Courtney’s friend and lodger Brendan McGirr, 57, pictured here in July, had been worried when he did not emerge from his bedroom in his south-east London home
Pictures of the ex-gangster’s home show a number of weapons used to decorate the walls
Courtney was one of Britain’s best-known gangsters and made a name for himself quickly
Courtney was only nine-years-old when the London-based double act were jailed but he claims to have arranged the security for Ronnie Kray’s funeral back in 1995
Courtney had enjoyed the ‘full works’ having a three course meal at The Valley watching Charlton, who beat Reading 4-0 in a League One match.
A Facebook post on his profile showed him dressed in a white shirt, blue waistcoat and red tie as he posed and smiled with friends.
He wrote: ‘An wat a cool cool day it’s all turning out to be.’
Neighbour Sheila Wellcome said he was suffering with arthritis and could barely roll a cigarette.
Courtney was one of Britain’s best-known gangsters and made a name for himself through his affiliation with famous London East End hardmen such as the Krays, Roy Shaw and Lenny McLean.
Ms Wellcome, 68, told The Sun he appeared in good spirits when she handed him a cigarette last night and he was laughing and joking before he said he was tired and went to bed.
‘I just can’t believe I’m never going to see him again. It’s so sad,’ she said.
She said police would occasionally come to his home to check his 12 decommissioned firearms which he treated as ornaments.
The grandmother added: ‘He seemed happy. He’d just got his driving licence back and was getting a new Peugeot which he was really excited about.’
Dave – who appeared in films including The Krays – had to go to court in July over weapons
Courtney watches his beloved Charlton Athletic beat Reading 4-0 at The Valley in what would be his last social media post
Courtney posted pictures of himself smiling with his friends and spoke of having a ‘cool cool’ day
He said he had a ‘full works three course meal’. In less than 24 hours later he shot himself at his south-east London home
Courtney was only nine-years-old when the London-based double act were jailed but he claims to have arranged the security for Ronnie Kray’s funeral back in 1995.
In a statement on his official social media accounts, a spokesman said Courtney shot himself at home.
The Metropolitan Police said officers attended a property on Chestnut Rise, in Plumstead, south-east London. The man was pronounced dead at the scene and his death is being treated as unexpected and is under investigation. No arrests have been made and his family have been informed, the force said.
Born in Bermondsey, south London, Courtney became infamous as a knuckle-duster wielding debt collector, previously claiming to have been shot, stabbed and had his nose almost bitten off – before they sewed it back on.
He claimed to have been found not guilty in 19 separate trials but in January 2009 he was given an 18-month conditional discharge at Bristol Crown Court, on a charge of possessing live ammunition.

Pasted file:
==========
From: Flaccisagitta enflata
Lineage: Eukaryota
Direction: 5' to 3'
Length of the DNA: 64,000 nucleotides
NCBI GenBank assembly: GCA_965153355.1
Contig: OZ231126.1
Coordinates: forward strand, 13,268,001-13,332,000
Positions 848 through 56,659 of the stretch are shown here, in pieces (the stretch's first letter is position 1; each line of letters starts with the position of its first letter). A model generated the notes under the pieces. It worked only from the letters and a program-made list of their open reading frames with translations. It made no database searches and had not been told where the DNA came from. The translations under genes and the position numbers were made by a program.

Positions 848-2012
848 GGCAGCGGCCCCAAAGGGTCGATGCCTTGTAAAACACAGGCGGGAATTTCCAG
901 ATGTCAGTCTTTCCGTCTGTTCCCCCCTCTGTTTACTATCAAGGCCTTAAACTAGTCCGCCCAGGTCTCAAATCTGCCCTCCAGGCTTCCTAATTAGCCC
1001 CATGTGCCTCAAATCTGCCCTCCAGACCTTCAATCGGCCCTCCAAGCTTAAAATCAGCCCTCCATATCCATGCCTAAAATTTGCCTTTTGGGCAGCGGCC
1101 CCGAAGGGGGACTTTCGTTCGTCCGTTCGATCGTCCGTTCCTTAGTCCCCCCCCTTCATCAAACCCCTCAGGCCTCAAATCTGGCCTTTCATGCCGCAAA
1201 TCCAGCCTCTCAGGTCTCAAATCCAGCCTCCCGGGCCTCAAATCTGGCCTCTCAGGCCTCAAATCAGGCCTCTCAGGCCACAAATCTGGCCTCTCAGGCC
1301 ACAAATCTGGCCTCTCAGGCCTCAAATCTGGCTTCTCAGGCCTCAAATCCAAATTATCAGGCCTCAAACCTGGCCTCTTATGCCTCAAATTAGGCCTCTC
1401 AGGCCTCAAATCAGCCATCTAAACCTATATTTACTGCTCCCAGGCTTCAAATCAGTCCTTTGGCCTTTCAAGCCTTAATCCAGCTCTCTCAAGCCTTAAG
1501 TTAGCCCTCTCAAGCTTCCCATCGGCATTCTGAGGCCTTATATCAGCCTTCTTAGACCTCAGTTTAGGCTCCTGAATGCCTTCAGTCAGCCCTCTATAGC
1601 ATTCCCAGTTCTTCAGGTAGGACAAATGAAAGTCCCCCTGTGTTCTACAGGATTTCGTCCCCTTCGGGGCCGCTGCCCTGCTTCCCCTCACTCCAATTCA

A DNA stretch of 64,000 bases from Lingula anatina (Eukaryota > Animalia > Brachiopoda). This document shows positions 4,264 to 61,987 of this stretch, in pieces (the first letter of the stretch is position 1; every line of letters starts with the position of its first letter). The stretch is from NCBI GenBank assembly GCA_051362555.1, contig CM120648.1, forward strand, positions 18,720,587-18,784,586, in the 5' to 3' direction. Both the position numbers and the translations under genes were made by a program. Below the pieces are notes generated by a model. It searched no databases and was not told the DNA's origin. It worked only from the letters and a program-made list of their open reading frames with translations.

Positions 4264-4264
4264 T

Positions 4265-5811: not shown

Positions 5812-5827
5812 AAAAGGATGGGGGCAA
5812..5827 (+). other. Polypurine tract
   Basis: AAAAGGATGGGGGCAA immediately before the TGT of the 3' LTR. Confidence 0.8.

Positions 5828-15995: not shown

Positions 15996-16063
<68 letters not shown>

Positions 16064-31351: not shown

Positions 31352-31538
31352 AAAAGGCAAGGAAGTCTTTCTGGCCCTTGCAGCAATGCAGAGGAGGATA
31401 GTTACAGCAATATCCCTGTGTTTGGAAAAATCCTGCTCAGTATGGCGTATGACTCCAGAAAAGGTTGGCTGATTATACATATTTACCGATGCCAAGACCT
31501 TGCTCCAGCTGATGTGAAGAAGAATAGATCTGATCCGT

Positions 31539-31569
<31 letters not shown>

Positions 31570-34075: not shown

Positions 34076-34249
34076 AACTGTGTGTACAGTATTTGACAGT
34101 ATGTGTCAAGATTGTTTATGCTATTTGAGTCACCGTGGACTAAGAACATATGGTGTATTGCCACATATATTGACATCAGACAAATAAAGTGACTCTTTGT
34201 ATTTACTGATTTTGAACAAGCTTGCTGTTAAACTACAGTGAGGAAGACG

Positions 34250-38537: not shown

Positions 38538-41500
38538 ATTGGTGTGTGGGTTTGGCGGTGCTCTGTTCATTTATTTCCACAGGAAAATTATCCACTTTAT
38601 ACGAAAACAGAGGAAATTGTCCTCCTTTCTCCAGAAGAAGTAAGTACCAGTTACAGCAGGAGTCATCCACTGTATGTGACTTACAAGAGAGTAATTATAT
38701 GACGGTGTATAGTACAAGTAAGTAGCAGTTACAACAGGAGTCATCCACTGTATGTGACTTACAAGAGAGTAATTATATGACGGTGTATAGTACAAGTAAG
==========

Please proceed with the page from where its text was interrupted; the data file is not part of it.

The prolific gangster is said to have been the inspiration for Vinnie Jones’ character Big Chris in Lock Stock and Two Smoking Barrels.
A number of blunt bladed items are used as decorations in the popular Londoner’s home
Courtney, who has died aged 64 after shooting himself at his London home, was one of Britain’s best-known gangsters
Courtney was only nine-years-old when the London-based double act The Krays were jailed but he claims to have arranged the security for Ronnie Kray’s funeral (pictured) back in 1995
In 2004 he was cleared of attacking his wife Jennifer Pinto over an alleged lesbian affair. Four years earlier, he walked free from the Old Bailey after he was cleared of being part of a plot to plant cocaine on an innocent woman.
During the trial he was named as a registered police informant using the alias ‘Tommy Mack’. But Courtney insisted he simply took advantage of the system to disguise a relationship with a corrupt detective.
‘I have never been a grass,’ he said. He is also known to have spent time in Belmarsh prison.
In recent times he became somewhat of a celebrity figure, making a living from appearances in numerous television documentaries and a number of low-budget British gangster films. He also starred in, directed and produced his own film, Hell To Pay.
He went on to feature in films such as Six Bend Trapp, Clubbing to Death and The Dead Sleep Easy.
Courtney published six books – including titles such as Dodgy Dave’s Little Black Book – and recorded a version of ‘I Fought The Law’ with Scottish pop-punks Mute.
He referred to himself as Dave Courtney OBE – ‘One Big Ego’ – and has a painted depiction of himself as a knight in his south London house.
Today tributes for the much-loved gangster have poured in on social media.
Courtney with his wife Jennifer, aka JennyBean, at the Elvis Forever concert in Hyde Park, London in 2010